Mental health care has become front and centre in the minds of society. The countless repetition of a broken system – a system with long waiting times and long waiting lists.
It has been noted the catastrophic effect that such a broken system is having on our society with growing economic and social consequences.
To solve this growing issue, a new outlook is required; an outlook that doesn’t just rely on the NHS to solve the growing mental health crisis, but considers how areas such as within the education system, policing and in the collection of data can make a difference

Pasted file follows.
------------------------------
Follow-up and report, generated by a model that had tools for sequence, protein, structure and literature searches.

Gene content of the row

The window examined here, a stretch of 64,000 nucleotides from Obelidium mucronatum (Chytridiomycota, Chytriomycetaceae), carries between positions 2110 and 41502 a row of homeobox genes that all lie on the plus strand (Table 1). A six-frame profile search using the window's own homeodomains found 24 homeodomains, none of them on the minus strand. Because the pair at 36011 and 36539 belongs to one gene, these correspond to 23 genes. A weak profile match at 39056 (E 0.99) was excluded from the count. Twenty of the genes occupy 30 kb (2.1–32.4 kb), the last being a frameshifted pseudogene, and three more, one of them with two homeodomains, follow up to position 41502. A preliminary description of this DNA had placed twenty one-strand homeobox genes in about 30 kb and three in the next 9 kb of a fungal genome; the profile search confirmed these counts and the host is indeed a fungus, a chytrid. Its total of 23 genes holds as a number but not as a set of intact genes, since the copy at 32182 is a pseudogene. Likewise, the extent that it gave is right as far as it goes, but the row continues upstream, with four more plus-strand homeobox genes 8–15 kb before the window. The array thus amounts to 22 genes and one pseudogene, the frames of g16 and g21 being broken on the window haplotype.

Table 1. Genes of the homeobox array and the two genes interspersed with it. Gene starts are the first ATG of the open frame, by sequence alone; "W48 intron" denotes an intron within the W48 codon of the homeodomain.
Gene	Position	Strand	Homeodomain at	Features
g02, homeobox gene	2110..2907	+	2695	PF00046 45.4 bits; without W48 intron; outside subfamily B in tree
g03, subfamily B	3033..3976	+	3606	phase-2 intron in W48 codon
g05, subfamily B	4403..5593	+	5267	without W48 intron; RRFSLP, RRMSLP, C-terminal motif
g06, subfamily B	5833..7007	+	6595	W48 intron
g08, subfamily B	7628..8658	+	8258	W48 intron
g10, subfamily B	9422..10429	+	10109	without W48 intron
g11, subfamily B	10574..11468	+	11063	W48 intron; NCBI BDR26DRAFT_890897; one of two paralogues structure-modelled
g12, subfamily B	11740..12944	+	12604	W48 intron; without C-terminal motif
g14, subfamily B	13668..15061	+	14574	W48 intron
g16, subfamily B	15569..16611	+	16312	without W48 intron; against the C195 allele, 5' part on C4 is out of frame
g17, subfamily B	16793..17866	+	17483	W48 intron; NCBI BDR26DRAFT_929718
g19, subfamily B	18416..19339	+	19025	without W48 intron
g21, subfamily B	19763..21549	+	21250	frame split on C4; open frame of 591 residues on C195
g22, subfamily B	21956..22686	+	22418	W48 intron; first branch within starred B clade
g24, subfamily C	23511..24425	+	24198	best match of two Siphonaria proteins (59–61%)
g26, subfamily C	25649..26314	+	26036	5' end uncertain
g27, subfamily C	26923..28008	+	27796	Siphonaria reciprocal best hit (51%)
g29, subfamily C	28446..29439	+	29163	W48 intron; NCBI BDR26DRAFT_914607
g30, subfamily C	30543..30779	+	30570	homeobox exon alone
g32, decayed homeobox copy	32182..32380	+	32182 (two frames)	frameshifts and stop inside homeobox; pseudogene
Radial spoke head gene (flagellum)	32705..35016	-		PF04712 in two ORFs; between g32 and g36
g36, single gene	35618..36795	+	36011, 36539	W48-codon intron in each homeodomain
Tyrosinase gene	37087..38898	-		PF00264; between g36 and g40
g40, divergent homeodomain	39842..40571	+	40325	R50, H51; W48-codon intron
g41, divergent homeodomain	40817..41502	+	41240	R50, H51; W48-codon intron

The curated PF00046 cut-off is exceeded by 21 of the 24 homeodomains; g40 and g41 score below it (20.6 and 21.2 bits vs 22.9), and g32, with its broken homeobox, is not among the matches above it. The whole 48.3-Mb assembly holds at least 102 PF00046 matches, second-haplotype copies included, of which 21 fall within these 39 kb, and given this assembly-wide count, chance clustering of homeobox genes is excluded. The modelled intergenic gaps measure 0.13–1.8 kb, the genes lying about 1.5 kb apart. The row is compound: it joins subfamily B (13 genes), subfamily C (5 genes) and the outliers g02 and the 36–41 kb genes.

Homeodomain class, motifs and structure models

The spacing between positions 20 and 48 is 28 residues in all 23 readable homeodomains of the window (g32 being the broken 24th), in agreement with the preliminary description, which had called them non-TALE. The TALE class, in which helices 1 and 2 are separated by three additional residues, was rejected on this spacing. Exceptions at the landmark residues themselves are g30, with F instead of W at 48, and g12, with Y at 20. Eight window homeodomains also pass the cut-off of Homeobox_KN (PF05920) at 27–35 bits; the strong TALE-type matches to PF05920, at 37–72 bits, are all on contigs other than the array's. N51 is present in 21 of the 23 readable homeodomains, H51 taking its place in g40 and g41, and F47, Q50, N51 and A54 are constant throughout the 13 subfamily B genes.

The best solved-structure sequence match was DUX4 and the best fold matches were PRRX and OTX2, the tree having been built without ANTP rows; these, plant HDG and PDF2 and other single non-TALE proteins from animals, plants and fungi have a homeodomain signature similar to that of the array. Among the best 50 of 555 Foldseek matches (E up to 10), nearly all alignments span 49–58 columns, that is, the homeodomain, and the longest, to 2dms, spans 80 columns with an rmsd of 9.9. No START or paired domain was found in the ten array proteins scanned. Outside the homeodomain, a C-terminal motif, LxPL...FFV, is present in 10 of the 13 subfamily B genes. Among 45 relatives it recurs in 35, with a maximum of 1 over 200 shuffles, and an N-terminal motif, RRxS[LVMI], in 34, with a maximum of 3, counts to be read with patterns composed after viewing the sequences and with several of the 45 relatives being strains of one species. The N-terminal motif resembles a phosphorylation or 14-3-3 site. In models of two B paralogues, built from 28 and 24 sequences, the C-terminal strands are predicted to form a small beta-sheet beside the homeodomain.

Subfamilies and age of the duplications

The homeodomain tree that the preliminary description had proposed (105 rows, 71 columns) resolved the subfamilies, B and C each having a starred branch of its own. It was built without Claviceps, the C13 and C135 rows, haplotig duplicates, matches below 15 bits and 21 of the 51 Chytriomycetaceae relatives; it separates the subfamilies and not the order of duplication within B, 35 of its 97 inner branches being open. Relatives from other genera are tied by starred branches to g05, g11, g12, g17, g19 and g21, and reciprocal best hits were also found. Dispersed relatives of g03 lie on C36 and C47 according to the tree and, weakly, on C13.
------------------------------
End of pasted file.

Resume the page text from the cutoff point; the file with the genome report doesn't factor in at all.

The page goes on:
It demands innovative solutions to complex problems.
By modernising our approach to mental health in all areas, we can have better economic and social outcomes.
An education on mental health
The negative effects of mental illness have been shown to reduce life chances for young people in the UK’s education system. There are a range of factors causing this:
- Lack of recognition of mental illness.
- Minimal mental health training for educational staff.
- Increased exam pressures on young people.
- And young people lacking awareness of maintaining good mental health.
An example of the loss of life chances is:
Exclusion from school – recent research by the IPPR showed that half of excluded pupils suffer from a mental health problem.
To solve such inequalities, we need to create partnerships between a range of organisations to support pupil’s mental health and work in the prevention of mental ill health in education.